Aurora Flight Participant Spotlight: Michael Dee Carl
Before Celestis Memorial Spaceflights’ Aurora Flight lifts off on November 30th, we will showcase several flight participants, remember their lives, and celebrate their legacy. We are honored to feature the story of Michael Dee Carl, as told to us by his daughter, Dallas L. Carl, in an interview.
His Celestis biography, written by Dallas, described him as “…that strong, wildly handsome, extremely witty, highly intelligent, and compassionate man that every girl wanted to be with, and every guy wanted to be. His presence alone commanded attention without him even realizing it. But I have to say, amidst the aforementioned…his most admirable quality was integrity. Understanding that there was a time and a place for which to open your mouth; and a time and a place to set aside your passions, regardless of how difficult it may be, in order to be with and help those you love the most.”
Celestis Memorial Spaceflights: Set the scene – tell us a little about your father and his life. Was he always interested in going to space? Do you know what sparked his interest in spaceflight?
Dallas L. Carl: I honestly do not know of one specific catalyst. I wish I did…What I do know is that my dad, like every other Boomer, was born during the height of the Space Race and grew up during one of the most exciting, dynamic times for space exploration. But he didn’t simply think of it as something “cool” – he grew obsessed with astronomy. It just so happened he was also highly intelligent and, therefore, very, very good at it. Growing up poor afforded him very few material things, so he cherished the telescope he was given (as well as his first baseball and glove, but his athletic triumphs are a whole other story for a different day.)
The inside of his small house was fairly crowded, so he and my uncle converted the shed out back into their own personal living space, where they spent their evenings. Having grown up in the days before the internet, cell phones, TV sets in every room of the house, etc., he found refuge, solace, and inspiration each night where he had the opportunity to view the stars up close with minimal light pollution and few distractions. He always believed there was so much more out there than what was known at the time, and he wanted so badly to be the person to find it. Who knows, maybe one of these days he will.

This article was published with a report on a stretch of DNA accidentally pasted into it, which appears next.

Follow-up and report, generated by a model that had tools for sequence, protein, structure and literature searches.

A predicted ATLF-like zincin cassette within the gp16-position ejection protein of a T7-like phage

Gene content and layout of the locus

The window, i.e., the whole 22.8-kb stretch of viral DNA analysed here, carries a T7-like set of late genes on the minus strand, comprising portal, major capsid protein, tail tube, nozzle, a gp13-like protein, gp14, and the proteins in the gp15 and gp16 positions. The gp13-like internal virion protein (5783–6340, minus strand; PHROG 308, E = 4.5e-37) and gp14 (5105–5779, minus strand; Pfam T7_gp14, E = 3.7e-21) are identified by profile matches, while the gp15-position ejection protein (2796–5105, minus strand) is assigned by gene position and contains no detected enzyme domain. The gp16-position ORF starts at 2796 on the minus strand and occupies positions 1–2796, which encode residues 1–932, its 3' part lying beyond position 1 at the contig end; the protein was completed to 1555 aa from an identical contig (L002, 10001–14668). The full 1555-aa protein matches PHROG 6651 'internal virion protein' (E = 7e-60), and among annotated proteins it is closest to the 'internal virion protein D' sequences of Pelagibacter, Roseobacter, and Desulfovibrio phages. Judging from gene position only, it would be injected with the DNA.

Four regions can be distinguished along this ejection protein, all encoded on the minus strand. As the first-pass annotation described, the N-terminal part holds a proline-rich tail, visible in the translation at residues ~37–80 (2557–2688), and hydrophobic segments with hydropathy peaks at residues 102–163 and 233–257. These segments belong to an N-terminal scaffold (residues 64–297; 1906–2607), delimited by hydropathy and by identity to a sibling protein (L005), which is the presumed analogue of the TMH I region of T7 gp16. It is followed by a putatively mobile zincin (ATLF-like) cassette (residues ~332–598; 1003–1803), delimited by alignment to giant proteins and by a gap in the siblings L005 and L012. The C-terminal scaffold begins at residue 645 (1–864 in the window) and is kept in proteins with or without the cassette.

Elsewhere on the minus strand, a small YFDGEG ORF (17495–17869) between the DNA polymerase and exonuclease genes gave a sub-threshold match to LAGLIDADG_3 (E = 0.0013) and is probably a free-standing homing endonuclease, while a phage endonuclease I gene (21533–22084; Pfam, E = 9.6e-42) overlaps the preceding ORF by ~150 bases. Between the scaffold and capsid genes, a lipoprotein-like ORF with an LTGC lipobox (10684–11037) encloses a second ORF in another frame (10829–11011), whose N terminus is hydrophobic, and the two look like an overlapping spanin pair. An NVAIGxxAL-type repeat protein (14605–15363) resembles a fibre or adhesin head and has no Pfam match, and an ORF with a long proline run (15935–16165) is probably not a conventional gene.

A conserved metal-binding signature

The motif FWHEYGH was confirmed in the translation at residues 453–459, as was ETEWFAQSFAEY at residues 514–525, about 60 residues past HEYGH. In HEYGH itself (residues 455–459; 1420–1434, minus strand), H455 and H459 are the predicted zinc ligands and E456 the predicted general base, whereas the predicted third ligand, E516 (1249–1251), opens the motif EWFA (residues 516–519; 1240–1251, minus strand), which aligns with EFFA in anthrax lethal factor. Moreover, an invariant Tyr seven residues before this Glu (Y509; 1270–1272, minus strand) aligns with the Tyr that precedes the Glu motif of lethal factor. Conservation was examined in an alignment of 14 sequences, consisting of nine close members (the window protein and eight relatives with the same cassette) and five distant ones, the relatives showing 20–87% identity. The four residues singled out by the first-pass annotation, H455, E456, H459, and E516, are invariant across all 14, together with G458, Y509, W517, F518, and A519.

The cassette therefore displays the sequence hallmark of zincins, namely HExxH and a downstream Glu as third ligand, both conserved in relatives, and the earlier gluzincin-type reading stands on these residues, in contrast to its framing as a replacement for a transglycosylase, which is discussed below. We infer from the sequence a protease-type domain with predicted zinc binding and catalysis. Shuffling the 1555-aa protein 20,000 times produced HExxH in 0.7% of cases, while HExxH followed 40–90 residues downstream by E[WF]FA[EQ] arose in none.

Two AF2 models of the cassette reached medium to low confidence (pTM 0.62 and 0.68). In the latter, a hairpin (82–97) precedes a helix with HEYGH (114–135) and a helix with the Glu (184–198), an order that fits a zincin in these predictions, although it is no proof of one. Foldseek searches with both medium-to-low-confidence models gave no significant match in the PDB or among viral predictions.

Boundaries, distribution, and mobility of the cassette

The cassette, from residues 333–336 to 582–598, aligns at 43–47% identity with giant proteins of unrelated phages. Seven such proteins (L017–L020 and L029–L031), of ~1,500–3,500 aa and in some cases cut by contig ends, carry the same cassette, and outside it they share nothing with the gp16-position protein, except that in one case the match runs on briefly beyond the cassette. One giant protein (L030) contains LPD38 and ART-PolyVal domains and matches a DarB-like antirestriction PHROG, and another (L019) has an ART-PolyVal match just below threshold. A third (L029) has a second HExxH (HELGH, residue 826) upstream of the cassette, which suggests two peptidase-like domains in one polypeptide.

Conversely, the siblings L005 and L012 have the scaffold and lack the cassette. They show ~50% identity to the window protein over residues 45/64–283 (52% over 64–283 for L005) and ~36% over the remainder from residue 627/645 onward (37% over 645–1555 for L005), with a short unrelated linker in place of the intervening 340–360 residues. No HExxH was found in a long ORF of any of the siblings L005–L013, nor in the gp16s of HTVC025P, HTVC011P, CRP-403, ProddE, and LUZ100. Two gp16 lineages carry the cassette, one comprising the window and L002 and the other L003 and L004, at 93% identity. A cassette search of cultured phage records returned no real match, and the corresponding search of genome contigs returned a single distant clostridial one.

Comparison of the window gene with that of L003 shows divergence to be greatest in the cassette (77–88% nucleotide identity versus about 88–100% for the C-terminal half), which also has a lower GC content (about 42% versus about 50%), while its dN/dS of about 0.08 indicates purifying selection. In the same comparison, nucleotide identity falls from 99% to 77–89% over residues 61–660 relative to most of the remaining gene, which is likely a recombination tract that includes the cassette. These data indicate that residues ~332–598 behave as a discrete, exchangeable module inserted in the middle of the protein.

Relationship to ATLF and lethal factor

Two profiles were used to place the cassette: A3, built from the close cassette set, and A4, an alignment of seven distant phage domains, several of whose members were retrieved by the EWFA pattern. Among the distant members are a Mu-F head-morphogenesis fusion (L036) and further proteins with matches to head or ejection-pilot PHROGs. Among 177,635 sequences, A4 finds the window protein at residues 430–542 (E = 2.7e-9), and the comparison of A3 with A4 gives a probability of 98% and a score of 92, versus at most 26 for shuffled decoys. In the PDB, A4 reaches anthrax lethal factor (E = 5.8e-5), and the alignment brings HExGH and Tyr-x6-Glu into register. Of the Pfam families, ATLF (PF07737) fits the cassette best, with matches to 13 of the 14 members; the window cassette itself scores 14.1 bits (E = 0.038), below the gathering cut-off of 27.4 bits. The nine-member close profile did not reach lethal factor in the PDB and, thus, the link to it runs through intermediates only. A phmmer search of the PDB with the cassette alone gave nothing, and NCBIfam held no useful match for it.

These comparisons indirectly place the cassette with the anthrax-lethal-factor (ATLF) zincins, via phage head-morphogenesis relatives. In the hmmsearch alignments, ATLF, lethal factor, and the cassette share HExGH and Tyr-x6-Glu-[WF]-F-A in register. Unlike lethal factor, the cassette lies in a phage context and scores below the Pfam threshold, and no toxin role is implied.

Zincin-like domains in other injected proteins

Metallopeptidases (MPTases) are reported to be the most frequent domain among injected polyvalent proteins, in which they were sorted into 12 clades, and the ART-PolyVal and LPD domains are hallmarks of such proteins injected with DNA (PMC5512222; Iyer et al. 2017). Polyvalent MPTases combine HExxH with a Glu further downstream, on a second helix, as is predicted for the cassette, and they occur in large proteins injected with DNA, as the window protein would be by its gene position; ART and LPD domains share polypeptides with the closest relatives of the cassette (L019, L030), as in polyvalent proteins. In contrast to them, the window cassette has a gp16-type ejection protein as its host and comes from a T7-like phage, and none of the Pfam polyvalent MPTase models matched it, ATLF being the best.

Celestis: Tell us a bit about how he had to curtail his academic studies to care for his family – he sounded like a dedicated family man.
Carl: He was very much a dedicated family man, and I can’t even begin to stress just how often (and how much) he sacrificed because he elected to put the rest of the family before himself…after he left school, he began anew by bailing hay and hauling scrap metal for quick cash here and there and then, eventually, opening his own metals business in Texas, which he ran successfully with my uncle for a very long time. Basically, until the end of his days. It was a family business. Even I worked there for a few years after college. And although it was not a glamorous profession, it was his way of ensuring everybody had access to quality healthcare and education.
That in and of itself speaks volumes for the duty he felt toward family. I suppose he ended up being a martyr for his own cause, which is pretty spectacular in a variety of ways if you ask me. Having said that, he never stopped studying astronomy. It was a daily passion for him, which is why I am thrilled that, even though he never made it to NASA, in some small way, I have at least been able to help him get a little bit closer to achieving his dream of being amongst the stars.
Celestis: I read that he was interested in being cremated and having his ashes sent to the stars. Did he want to be an astronaut during his lifetime?
Carl: He actually wanted to be the director of NASA. Traveling into space as an astronaut would have been a very close second.
Celestis: His biography also stated that he always loved “looking up.” Did he pass his love of astronomy to anyone else? Was his love of stargazing lifelong?
Carl: His love of stargazing was most definitely lifelong. Impassioned until the day he passed, his love for astronomy will no doubt live on. My dad and my nephew studied the stars together. He is still young, of course, but now has my dad’s big telescope, so only time will tell if a Carl is truly meant to help pave the way for the future of humanity and spaceflight. (Though it seems Elon Musk is doing a pretty good job of it so far, I’d say.)
Celestis: How will it feel to see the Aurora Flight launch, knowing he’s that much closer to the stars he gazed at?
Carl: It’s bittersweet, in a way…I am beyond ecstatic and so eager for the day to come. I am utterly grateful that I found Celestis and even more so that, at least for now, Dad can finally – FINALLY – have a morsel of what he’s always wanted. That’s pure gold to me.